A nurse who was found to have deliberately concealed Pauline Cafferkey’s high temperature after the pair returned from volunteering to help fight ebola in Sierra Leone has been temporarily removed from the Nursing and Midwifery Council register.
Following the conclusion of a fitness to practise hearing today, Ms Wood will be suspended from working as a nurse for two months.
“Whilst the panel considered that dishonesty is extremely serious and unacceptable, the panel found that the dishonesty in your case was not premeditated”
When Ms Cafferkey arrived back at London’s Heathrow airport at the end of 2014, her temperature was high enough to require further medical assessment – at more than 38 degrees - but instead it was recorded on an official form as being lower than the threshold of 37.5 degrees.
She was cleared for onward travel to Scotland but was later found to have contracted ebola.
During an NMC hearing that took place over the past two weeks, Ms Wood, who was with Ms Cafferkey at the airport, was found to have said the temperature should be recorded as 37.2 degrees so they could “get out of here and sort it out”.
The panel concluded Ms Wood had acted dishonestly because she deliberately concealed Ms Cafferkey’s high temperature.
It found Ms Wood’s misconduct was serious because it could have contributed to the risk of ebola spreading in the UK, and also that she could have put Ms Cafferkey and others coming into contact with her at “unwarranted risk of harm”.
The panel added that she “should have known better than to act in such a way”.
However, it also recognised that this was an “isolated incident in an otherwise long and unblemished career”.
It also noted she had no previous referrals to the NMC, that colleagues had spoken highly of her integrity and professionalism, and it referred to the “selfless act” of volunteering to help ebola victims.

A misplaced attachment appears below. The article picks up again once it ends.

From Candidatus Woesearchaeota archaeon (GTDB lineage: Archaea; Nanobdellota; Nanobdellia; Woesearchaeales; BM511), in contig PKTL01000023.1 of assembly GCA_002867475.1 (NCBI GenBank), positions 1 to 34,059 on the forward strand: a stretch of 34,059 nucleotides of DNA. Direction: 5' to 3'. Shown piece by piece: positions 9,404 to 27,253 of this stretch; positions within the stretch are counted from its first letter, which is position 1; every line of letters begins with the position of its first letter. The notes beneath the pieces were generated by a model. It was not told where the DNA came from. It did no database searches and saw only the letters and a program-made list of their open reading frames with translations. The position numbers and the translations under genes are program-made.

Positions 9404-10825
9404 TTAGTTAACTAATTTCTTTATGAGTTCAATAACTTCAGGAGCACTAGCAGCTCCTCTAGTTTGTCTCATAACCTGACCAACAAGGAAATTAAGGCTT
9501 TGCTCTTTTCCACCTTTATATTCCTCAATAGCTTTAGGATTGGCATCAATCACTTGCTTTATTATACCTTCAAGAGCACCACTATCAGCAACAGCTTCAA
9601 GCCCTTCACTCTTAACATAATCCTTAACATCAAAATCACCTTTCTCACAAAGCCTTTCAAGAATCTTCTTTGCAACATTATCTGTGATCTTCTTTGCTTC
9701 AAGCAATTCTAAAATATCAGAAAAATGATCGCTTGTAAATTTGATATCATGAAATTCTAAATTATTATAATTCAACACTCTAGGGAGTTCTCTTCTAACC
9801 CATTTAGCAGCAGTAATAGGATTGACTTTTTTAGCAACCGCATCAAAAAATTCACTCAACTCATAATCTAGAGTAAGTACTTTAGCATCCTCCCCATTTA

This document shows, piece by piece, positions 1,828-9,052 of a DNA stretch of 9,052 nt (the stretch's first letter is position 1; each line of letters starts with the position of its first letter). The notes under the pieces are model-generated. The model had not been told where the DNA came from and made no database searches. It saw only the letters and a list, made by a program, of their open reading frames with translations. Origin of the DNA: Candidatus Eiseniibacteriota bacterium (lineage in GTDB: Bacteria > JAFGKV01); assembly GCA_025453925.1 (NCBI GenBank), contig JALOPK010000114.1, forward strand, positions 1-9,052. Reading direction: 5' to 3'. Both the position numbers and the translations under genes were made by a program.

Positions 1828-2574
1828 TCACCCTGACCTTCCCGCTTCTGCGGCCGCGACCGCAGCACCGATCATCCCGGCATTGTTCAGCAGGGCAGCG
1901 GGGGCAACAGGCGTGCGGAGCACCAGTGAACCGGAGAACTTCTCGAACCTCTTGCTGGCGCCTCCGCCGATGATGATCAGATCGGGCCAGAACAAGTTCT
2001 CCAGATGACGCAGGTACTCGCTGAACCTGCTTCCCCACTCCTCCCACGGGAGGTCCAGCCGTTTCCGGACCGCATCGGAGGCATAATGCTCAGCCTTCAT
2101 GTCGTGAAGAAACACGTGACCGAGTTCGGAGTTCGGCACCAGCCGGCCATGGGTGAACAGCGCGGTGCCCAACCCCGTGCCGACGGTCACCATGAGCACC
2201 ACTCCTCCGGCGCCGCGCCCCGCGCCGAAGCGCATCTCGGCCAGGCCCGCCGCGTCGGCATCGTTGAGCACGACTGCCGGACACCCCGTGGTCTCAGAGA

“The panel is satisfied that a period of suspension is a proportionate response and is sufficient to satisfy the public interest”
The “stressful and exhaustive” circumstances surrounding the event and the “less than ideal environment” in the screening area at the airport were also highlighted by the panel.
After considering these factors, the panel chose not to strike off Ms Wood, but to instead suspend her for two months.
It said it considered a longer period of suspension but that his could unduly damage Ms Wood’s career and would be punitive.
“Whilst the panel considered that dishonesty is extremely serious and unacceptable, the panel found that the dishonesty in your case was not premeditated but a momentary lapse of judgment,” it said.
”Your conduct is not fundamentally incompatible with resuming your practice as a nurse at the end of the period of your suspension”
“The panel is satisfied that you are of good character and your nursing record is otherwise exemplary. The panel also took into account the exceptional circumstances at the time of the events.
“Although you did not admit to the dishonesty, in your oral evidence, you had accepted that such conduct would have been considered as dishonest,” it added.
“The panel is therefore satisfied that a period of suspension is a proportionate response and is sufficient to satisfy the public interest.
“It determined that your conduct is not fundamentally incompatible with resuming your practice as a nurse at the end of the period of your suspension, and subject to any future decision made by a panel of the [NMC’s] conduct and competence committee at a review hearing,” concluded the panel.
Ms Cafferkey also faced allegations of misconduct earlier this year, but an NMC panel cleared her of all charges after it found her actions were the result of illness and exhaustion.
A volunteer doctor, who was with the two nurses when Ms Cafferkey’s temperature was wrongly recorded, is understood to be under investigation by the General Medical Council and is due to appear before the Medical Practitioners Tribunal Service in March.